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Health Commissioner: Massachusetts Is Prepared For Coronavirus

Massachusetts Public Health Commissioner Dr. Monica Bharel.
State House News Service
Massachusetts Public Health Commissioner Dr. Monica Bharel.

Stressing that the risk of contracting coronavirus remains low in Massachusetts, state public health officials said Tuesday that they are prepared for a potential outbreak.

Tens of thousands of cases of the respiratory illness now known as COVID-19, caused by a new coronavirus first identified in Wuhan, China, have been diagnosed worldwide.

Public Health Commissioner Dr. Monica Bharel told reporters Monday that there is still one confirmed case in Massachusetts — that patient "continues to recover," she said — and that there is not "community-level spread" of the virus in Massachusetts.

Bharel said the department is monitoring 231 people in self-quarantine, who returned from travel in China, for potential symptoms. Another 377 people have completed monitoring and were released without symptoms.

"When we look at this current COVID-19 situation, we don't speculate on how or when it will spread, so the most important thing I can tell people today is that we at the Department of Public Health are prepared," Bharel said. "We are prepared to address what comes our way. People should live their lives normally and go about their normal activities."

Bharel said state public health officials are in daily contact with federal agencies. The department has issued guidance for clinicians, schools and businesses, and launched a website to update the public on COVID-19.

The department is also in regular communication with health care providers and local boards of health, Bharel said. It is supporting hospitals in their "surge planning" procedures, to make sure beds are available if needed, and directing clinical labs to take steps to prepare in case they receive specimens from patients under investigation.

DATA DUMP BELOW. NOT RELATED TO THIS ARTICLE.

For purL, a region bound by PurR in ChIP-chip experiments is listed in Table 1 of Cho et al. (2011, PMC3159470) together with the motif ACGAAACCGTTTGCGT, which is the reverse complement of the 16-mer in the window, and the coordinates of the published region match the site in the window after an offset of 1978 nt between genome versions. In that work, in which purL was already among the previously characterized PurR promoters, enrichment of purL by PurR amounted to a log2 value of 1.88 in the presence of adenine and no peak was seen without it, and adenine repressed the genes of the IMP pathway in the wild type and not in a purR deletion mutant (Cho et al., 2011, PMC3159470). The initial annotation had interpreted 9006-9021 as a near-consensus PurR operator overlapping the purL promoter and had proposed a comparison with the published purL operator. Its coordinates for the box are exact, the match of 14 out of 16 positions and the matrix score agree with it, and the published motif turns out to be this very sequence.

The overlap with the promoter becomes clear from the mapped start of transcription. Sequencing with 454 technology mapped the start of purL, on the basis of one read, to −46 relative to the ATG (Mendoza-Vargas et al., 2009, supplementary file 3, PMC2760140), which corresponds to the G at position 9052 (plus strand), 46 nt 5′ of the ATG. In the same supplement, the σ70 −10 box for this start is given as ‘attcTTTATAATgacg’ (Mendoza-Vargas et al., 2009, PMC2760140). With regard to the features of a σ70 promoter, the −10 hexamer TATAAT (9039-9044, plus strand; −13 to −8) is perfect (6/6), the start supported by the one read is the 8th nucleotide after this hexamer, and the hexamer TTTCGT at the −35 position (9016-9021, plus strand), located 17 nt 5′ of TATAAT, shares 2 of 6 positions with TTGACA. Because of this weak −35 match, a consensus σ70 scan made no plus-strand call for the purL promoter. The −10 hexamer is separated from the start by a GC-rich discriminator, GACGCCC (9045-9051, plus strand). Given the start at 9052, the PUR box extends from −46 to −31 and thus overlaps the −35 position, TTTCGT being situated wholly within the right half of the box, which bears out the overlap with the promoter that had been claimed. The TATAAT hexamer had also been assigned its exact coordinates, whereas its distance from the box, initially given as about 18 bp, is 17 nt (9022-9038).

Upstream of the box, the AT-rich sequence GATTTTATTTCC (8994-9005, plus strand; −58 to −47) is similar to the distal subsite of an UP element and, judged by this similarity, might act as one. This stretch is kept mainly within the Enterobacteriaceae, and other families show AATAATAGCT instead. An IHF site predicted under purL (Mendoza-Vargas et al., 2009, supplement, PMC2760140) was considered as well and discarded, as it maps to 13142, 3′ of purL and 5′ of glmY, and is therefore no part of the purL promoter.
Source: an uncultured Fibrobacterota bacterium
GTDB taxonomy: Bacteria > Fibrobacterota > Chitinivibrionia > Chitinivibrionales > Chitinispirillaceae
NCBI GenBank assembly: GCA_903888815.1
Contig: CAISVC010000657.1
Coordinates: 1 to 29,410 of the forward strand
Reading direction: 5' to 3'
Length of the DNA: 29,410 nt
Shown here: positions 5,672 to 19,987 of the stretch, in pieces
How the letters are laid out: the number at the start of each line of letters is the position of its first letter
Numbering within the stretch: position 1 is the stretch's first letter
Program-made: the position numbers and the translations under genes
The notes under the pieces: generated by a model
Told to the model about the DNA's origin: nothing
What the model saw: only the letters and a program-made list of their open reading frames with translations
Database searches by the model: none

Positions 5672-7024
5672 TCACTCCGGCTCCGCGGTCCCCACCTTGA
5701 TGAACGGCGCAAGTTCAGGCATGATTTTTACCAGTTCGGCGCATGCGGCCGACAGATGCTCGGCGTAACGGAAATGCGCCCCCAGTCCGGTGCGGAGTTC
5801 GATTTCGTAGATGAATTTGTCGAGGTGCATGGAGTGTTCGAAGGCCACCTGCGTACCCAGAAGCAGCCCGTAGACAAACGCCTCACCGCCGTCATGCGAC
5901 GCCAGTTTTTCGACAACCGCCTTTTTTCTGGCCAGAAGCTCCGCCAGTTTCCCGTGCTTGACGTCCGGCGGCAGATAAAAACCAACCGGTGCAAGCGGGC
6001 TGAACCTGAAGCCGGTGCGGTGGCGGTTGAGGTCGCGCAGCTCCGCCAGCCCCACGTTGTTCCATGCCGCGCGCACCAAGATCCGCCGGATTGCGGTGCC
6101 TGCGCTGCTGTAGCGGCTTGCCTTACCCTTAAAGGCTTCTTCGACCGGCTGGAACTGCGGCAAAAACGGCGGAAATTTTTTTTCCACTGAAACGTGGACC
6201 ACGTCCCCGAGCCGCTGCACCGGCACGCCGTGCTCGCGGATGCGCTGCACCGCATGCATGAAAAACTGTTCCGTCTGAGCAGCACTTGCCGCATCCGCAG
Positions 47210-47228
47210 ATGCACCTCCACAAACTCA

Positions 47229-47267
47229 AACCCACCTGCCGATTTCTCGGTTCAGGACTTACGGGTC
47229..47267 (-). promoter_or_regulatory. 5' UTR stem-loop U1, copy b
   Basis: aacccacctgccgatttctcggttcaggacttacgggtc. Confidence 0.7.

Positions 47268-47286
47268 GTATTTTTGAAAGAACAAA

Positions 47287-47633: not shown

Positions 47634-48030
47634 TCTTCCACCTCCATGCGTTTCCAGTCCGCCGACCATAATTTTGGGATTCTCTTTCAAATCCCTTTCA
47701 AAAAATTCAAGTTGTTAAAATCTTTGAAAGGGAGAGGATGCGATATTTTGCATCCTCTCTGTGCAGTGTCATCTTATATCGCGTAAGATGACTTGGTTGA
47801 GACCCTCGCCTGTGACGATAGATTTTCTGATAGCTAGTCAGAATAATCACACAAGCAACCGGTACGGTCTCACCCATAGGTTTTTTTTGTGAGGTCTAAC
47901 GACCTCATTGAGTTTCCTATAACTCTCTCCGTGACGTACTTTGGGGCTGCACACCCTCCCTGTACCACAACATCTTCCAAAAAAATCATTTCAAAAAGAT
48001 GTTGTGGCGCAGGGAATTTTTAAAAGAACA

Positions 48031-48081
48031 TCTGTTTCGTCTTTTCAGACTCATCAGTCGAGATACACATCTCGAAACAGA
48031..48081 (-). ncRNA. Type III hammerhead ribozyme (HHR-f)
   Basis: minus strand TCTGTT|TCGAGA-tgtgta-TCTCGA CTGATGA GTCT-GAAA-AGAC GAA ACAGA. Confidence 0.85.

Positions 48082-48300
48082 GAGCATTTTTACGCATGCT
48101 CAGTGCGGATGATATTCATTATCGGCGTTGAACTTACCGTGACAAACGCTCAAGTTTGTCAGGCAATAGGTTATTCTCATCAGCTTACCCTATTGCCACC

Bharel said the department is monitoring impacts to the supply chains for personal protective equipment like masks and gloves, and providing health care facilities with strategies to "optimize" the use of such equipment.

"We have been in touch with our colleagues throughout the health care system, and we have been told that at this time there are adequate supplies throughout the health care facilities," she said. "We anecdotally have heard of some spot shortages but overall, the supplies have been adequate."

Members of the public should not wear face masks unless they are sick, Bharel said.

She said individuals who have traveled and develop symptoms of respiratory illness should contact their health care provider and discuss their travel history. The department is advising Massachusetts residents to follow CDC guidance on future travel.

Bharel said the risk for contracting coronavirus is "much, much lower than the risk of contracting influenza," and that Massachusetts residents should get flu shots if they have not already done so.

Many of the steps for preventing the flu, colds and COVID-19 are the same, she said: wash hands regularly, cover coughs, and stay home when feeling sick.

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